The February meeting for the CSBA began with minimal fanfare as Rusty arrived at The Cheesecake Factory shortly before 11AM to find no one he recognized. Soon after, he was joined by Derek "Tiny" Snead and we began discussing last-minute cancellation messages and catching up on the last few months. We were soon joined by Rick Johnson, who was followed by Allan and Nancy Curtis. We finally decided it was about time to ask for a table and we were then joined by the man we were all eager to see: Andy Rohrer.
Photo of some of the group
After we were seated, we invited Andy to share his dramatic story of the last year and a half. He recounted for us the details of his battle with a rare strain of Hepatitis C and his need for a liver transplant several years ago. Two years ago he entered an experimental treatment to remove the disease completely. In the process of this treatment, however, a device from a previous hernia surgery opened a micro-tear in his colon, so as his body was becoming septic, he believed the symptoms were side effects from the drug treatment. By the time the real problem was discovered, his kidneys and borrowed liver had shut down and he was, again, in need of a transplant. However, the doctors determined that he was too weak to endure the surgery to repair his colon and, even more so, the transplant surgeries.
So, what followed is a harrowing story of stop-gap measures by the doctors in the face of near-death frailty and a miraculous overnight recovery at precisely the right moment that a compatible liver and kidneys became available. What then followed is an equally grueling account of a long recovery process in the hospital and a couple more medical rehab facilities before he was finally able to return home, after several months of being away. To see him now, you would never know it. He has regained much of the strength he lost while being bedridden for so long, but still has a long road to go to recover some endurance.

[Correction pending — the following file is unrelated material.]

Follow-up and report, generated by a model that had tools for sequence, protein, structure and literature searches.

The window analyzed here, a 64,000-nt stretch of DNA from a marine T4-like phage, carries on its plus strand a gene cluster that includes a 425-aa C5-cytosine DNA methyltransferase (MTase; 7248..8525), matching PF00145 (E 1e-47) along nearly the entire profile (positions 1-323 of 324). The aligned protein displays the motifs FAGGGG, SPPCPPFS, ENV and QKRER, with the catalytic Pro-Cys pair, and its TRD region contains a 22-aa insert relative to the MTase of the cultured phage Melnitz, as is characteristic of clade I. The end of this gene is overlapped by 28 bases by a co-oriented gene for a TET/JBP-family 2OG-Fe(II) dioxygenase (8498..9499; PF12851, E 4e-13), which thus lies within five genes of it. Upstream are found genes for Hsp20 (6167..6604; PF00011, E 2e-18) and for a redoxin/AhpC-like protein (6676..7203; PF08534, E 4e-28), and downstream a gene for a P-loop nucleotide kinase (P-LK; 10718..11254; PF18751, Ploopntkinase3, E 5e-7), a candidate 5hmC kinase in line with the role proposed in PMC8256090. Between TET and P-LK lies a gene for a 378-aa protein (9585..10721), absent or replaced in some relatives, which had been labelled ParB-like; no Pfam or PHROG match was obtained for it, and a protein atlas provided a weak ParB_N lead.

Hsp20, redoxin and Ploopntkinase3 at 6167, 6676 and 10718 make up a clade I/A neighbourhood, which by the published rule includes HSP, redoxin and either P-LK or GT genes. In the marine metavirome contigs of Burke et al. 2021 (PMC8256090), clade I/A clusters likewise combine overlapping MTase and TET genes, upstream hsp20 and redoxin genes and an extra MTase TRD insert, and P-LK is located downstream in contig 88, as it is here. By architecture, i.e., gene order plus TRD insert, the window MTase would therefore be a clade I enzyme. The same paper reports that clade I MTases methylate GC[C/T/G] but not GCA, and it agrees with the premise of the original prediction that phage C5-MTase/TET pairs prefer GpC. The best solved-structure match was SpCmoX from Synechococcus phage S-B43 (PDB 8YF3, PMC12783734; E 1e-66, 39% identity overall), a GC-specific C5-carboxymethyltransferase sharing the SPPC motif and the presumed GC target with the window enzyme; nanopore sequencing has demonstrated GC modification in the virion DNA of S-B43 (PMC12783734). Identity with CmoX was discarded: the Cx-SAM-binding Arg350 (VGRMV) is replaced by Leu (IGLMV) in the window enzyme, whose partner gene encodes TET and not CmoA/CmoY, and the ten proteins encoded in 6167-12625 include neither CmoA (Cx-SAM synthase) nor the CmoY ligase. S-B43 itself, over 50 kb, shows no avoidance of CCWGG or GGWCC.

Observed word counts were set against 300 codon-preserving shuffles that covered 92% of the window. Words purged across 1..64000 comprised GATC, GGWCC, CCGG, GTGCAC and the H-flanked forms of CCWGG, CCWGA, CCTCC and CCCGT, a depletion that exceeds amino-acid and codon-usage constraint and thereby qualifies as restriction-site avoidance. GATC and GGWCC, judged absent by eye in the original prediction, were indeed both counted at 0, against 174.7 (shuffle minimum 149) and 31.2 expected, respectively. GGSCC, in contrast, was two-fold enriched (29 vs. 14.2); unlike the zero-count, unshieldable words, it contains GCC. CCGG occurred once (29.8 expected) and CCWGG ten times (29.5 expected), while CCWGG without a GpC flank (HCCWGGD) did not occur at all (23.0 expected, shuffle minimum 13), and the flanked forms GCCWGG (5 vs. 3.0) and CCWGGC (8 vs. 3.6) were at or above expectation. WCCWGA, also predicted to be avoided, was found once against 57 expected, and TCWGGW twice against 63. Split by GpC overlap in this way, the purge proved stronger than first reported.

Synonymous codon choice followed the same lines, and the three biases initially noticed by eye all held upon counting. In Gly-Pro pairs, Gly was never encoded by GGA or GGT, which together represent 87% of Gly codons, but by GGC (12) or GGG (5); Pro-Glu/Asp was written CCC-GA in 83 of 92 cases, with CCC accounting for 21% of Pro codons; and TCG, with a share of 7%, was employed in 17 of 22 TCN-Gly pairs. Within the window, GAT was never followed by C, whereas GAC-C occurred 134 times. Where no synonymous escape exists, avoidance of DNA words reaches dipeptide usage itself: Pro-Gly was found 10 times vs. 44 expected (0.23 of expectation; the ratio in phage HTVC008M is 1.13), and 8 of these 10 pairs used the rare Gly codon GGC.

Since returning home, he has verified that his beloved Ducati still runs (it started right up on the first try) and is raring to go. In the process of one of the surgeries he partially lost the use of his right arm and hand, which is believed to be the result of a pinched nerve. He is undergoing physical therapy for this, as well, and hopes to be able to ride in the not-too-distant future.
After hearing Andy’s story, and peppering him with questions, we tried to catch him up by sharing some of the stories from the rides last year. He also shared that his favorite pastime while being laid up was to watch the MotoGP races on his tablet; how exciting last season was and the hopes for this coming year of racing. Alas, he only had Rusty to share in this conversation with him, so it was relatively short-lived.
From there, we all went our separate ways to consider that we had spent our day with a living miracle. Andy is eternally grateful to be alive and he is quite certain that God the Father rescued him from certain death for a greater purpose in his life. This is going to be fun to watch!
Photo of Derek and Andy